To date, Facebook, Google, and Twitter have debuted the most comprehensive transparency tools available. While Facebook and Google should be significant components of any political media plan, they’re merely a piece of it. Analyzing only these three platforms ignores other social platforms (Snapchat, Pinterest, Tumblr, LinkedIn), other search engines (Bing and Yahoo) streaming audio (Pandora and Spotify), direct buying with local newspapers (The Charlotte Observer), non-Google programmatic ad networks, native advertising platforms, and video inventory you watch from your cable provider on non-television devices—all of which a digital media buyer may purchase to reach voters and none of which have transparency portals. For fundraising purposes, there’s an entirely different constellation of content creators and vendors who also don’t fall under current transparency platforms.
Tech for Campaigns recently released a well-covered report looking at campaign investment in digital. Their report is well-researched and presents a number of findings that Democratic campaigns should take seriously. In order to estimate how much each campaign spent on digital, they assumed that spend reflected in Facebook and Google represented 60 percent of that campaign’s total digital investment, consistent with those provider’s market share nationally.
This is likely to be inaccurate, though, because the forces that drive digital political advertising in midterm statewide elections aren’t the same that drive national advertising. First, in competitive statewide elections, a number of advertisers are competing to buy the same inventory, meaning that even if an advertiser wants to max out on Facebook or Google, they may not be able to due to inventory constraints.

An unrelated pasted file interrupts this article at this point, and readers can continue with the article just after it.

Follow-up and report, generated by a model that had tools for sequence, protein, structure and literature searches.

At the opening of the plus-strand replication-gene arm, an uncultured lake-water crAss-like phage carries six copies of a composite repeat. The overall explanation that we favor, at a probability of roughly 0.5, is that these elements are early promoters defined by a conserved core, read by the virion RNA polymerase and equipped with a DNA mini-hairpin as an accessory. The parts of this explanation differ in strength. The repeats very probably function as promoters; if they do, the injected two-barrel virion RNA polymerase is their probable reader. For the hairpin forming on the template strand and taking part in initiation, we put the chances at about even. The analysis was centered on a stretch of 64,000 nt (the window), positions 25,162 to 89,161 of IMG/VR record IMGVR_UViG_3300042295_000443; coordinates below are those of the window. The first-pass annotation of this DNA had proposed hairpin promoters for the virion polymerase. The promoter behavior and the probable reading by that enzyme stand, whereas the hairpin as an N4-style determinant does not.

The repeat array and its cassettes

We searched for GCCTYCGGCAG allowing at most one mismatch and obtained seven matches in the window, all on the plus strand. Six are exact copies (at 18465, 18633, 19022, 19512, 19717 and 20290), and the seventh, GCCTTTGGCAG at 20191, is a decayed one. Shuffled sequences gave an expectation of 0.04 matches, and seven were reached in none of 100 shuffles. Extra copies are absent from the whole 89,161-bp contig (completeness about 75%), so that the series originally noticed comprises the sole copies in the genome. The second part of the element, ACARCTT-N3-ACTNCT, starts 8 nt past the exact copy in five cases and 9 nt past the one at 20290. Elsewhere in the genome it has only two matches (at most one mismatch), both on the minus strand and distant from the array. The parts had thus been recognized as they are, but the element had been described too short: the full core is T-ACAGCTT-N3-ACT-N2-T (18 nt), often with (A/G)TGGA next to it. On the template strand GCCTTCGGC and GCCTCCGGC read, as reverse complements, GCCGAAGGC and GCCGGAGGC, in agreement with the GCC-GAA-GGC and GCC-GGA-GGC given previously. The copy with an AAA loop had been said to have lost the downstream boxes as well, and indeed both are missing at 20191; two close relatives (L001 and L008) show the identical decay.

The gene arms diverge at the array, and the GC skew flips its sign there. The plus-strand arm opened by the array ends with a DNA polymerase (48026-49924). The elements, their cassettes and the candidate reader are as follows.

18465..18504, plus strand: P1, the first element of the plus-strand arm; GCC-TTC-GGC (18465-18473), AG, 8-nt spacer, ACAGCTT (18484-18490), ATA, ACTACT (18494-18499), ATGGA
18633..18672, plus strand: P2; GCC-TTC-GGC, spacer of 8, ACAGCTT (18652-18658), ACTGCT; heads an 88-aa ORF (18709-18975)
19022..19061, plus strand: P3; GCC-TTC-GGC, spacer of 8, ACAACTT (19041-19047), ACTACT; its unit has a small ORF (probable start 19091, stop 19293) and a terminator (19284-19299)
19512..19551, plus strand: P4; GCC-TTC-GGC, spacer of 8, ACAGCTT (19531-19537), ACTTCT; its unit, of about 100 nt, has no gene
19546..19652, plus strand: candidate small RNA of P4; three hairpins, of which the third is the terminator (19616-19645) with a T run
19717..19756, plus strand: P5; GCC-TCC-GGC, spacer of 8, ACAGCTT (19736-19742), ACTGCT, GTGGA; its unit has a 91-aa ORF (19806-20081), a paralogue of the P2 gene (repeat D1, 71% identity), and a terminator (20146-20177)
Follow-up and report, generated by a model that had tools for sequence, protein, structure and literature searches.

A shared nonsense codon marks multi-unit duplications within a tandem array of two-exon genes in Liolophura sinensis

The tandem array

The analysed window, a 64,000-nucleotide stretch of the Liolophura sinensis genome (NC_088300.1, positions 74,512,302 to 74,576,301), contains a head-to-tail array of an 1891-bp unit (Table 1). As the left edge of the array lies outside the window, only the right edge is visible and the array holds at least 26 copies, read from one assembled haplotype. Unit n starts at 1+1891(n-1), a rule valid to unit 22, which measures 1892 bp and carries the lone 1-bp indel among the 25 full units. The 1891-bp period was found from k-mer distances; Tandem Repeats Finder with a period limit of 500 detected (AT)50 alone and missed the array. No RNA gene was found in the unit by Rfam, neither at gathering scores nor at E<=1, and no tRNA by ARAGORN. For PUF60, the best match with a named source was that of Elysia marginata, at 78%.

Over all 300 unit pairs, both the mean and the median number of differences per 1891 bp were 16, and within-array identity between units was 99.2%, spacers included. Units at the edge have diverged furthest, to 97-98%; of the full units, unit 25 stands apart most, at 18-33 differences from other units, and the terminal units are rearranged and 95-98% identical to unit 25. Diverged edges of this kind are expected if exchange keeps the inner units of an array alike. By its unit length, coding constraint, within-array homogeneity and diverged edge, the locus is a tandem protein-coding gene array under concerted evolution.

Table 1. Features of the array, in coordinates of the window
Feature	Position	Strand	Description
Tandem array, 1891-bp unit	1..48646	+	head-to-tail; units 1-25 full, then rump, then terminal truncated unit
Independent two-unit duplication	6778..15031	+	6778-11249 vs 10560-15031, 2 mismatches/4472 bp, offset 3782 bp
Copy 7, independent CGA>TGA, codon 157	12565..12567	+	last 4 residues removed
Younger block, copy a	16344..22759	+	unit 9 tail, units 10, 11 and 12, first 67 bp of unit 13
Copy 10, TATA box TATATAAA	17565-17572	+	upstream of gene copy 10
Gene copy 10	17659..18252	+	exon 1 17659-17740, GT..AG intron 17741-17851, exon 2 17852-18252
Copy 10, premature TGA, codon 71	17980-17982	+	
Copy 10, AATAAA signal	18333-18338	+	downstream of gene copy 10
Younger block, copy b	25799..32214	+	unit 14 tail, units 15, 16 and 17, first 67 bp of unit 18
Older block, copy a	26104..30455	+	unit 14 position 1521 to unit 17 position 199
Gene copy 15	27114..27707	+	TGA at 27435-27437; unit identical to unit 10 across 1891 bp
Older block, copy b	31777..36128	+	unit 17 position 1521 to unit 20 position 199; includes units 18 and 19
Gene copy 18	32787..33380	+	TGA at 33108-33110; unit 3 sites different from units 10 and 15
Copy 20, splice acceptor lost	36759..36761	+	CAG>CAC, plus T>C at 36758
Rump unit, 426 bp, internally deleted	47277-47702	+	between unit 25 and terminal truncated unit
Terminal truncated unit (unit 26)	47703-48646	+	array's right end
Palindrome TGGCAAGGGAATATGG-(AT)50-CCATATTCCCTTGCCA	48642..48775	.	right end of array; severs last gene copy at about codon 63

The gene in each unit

Second, the age demographics of regular midterm voters aren’t the same as those of the audience most advertisers are attempting to reach. As a result, persuasion media plans skew toward those platforms where older voters are most represented, which isn’t always the platforms that have implemented spend transparency.
Misconception #3: The number of ads an advertiser is running is a sign of sophistication.
This one is easier than the others. Publications have from time to time have reported on the number of ads an advertiser is running. A CNN headline from last May read, “Trump's campaign has run 4,400 ads on Facebook so far this month.” The New York Times reported last July that the Trump campaign “has run dozens of ads on Facebook recently that seek to rally support to confirm Judge Brett M. Kavanaugh.”
The number of ads being run is meaningless. It’s incredibly easy to duplicate an ad any number of times into any number of targeting groups to artificially increase the number reflected in the Facebook archive. There could be actual strategic value to doing so in terms of audience testing, but the targeting information revealed in the transparency platform is insufficient to draw those conclusions.
Now, digital advertising doesn’t stop at the transparency reports. I’ll be the first to tell you that being able to cover digital advertising with the level of accuracy that campaigns currently track television would be incredibly beneficial, but we are far from achieving that. Until then, it’s critical that your digital strategy (and analysis) be based on reality, not the limited snapshot provided by a few big tech players.
As vice president of client strategy at Rising Tide Interactive, Jake Sticka helps clients meet their goals online. He can be followed on Twitter @Sticka.